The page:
The Nova/Ursa ratio is a contrary indicator designed to gauge market sentiment among retail investors. The ratio gets its name from the Rydex Nova and Rydex Ursa mutual funds. Rydex Nova is a bullish fund designed to capture returns corresponding to 150% of the S&P 500's daily movements and Rydex Ursa is a bearish fund created to capture 150% of the inverse of the S&P 500's daily fluctuations. Determining the Nova/Ursa ratio is as simple as dividing the total assets from the Nova fund by the total assets in the Ursa fund.

Because it is contrarian in nature, a very high Nova/Ursa ratio is a bearish indicator because it reflects optimism, approaching euphoria, among "dumb money". The inverse is also true. A very low Nova/Ursa ratio suggests that the little guy has thrown in the towel and that weak hands have been washed out of the market - a bullish signal.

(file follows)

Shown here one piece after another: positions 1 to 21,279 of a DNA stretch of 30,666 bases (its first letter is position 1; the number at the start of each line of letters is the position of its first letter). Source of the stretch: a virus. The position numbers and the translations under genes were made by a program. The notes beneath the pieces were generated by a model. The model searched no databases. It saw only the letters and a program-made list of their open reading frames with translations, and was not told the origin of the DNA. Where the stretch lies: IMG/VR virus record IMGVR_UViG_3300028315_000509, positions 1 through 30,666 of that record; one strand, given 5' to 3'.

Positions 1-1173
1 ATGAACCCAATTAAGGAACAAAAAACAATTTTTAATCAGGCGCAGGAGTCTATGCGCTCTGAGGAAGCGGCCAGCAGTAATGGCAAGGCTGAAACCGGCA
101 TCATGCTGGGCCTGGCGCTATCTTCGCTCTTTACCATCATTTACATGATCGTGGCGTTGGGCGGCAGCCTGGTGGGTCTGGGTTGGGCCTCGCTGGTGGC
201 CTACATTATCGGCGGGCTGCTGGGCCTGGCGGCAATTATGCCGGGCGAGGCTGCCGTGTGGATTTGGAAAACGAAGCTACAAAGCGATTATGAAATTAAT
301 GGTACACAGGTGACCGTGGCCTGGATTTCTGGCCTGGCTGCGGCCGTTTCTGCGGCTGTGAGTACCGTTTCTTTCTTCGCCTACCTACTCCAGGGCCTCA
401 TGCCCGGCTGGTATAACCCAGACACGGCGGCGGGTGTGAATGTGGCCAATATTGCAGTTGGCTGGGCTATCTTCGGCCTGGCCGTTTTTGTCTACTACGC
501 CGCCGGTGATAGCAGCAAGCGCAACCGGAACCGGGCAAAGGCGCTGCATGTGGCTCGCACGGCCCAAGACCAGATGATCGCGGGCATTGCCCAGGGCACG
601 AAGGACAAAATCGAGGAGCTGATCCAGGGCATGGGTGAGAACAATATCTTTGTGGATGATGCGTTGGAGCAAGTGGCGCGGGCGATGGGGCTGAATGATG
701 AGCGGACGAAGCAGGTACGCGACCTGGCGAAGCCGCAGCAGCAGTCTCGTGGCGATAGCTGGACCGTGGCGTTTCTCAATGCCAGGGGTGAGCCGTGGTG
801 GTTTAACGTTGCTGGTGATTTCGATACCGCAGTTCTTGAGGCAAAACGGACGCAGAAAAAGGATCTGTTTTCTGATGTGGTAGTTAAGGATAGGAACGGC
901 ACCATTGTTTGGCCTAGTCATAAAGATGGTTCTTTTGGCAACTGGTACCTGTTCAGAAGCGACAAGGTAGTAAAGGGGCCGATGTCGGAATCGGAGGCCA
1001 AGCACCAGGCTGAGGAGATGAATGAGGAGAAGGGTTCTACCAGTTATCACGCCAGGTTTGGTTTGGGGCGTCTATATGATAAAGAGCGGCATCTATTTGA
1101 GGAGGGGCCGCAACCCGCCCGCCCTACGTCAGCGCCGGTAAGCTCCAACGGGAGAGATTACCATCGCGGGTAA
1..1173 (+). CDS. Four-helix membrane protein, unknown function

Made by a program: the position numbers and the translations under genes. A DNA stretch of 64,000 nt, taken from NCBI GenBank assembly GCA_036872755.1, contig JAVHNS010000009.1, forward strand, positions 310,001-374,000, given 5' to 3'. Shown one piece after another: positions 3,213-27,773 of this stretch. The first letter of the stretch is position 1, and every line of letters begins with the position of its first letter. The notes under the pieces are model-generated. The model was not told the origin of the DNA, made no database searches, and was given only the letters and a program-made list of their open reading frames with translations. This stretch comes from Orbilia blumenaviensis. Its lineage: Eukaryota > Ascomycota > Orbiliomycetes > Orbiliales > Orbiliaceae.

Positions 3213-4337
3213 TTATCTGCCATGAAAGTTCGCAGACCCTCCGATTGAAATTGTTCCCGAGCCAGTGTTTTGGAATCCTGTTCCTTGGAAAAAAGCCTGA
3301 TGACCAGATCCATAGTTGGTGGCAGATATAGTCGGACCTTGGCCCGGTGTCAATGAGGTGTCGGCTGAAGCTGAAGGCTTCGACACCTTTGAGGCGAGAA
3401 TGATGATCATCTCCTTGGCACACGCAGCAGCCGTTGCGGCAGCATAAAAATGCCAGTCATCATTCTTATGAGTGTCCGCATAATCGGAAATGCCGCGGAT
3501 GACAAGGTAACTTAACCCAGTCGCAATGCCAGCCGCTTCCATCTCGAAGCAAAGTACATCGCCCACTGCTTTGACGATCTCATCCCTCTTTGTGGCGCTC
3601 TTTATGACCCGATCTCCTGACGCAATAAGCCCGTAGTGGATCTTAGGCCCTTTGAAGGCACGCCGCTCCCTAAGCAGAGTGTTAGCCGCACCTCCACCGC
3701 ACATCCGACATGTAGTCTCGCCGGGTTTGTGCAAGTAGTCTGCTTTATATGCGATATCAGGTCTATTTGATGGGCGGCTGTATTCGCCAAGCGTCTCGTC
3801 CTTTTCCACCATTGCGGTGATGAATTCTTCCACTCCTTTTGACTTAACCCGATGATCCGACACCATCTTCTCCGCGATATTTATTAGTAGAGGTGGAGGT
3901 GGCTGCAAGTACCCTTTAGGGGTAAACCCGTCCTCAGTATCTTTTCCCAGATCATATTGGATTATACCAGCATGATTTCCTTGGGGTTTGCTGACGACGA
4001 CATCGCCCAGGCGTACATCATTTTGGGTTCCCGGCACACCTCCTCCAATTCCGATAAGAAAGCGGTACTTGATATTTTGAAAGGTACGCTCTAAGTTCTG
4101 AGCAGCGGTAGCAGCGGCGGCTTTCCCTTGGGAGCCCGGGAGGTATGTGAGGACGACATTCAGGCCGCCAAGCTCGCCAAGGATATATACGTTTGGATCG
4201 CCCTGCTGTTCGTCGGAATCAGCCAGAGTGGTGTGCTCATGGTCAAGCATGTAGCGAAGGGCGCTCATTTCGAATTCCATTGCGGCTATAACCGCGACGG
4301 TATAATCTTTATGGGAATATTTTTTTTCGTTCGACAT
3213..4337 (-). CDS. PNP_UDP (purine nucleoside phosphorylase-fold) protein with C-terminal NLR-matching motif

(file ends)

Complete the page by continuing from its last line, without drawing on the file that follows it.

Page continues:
Users of the Nova/Ursa ratio believe it is a better sentiment indicator than other measures because the ratio reflects actual-dollar commitments, as opposed to investors' opinions. However, defining "high" and "low" values can be difficult, given the short existence of the Nova/Ursa ratio. Moreover, because the ratio both leads and lags the S&P500, it is not necessarily useful in identifying turning points.

For more on this topic, read Market Breadth: Introduction.

This question was answered by Justin Bynum.

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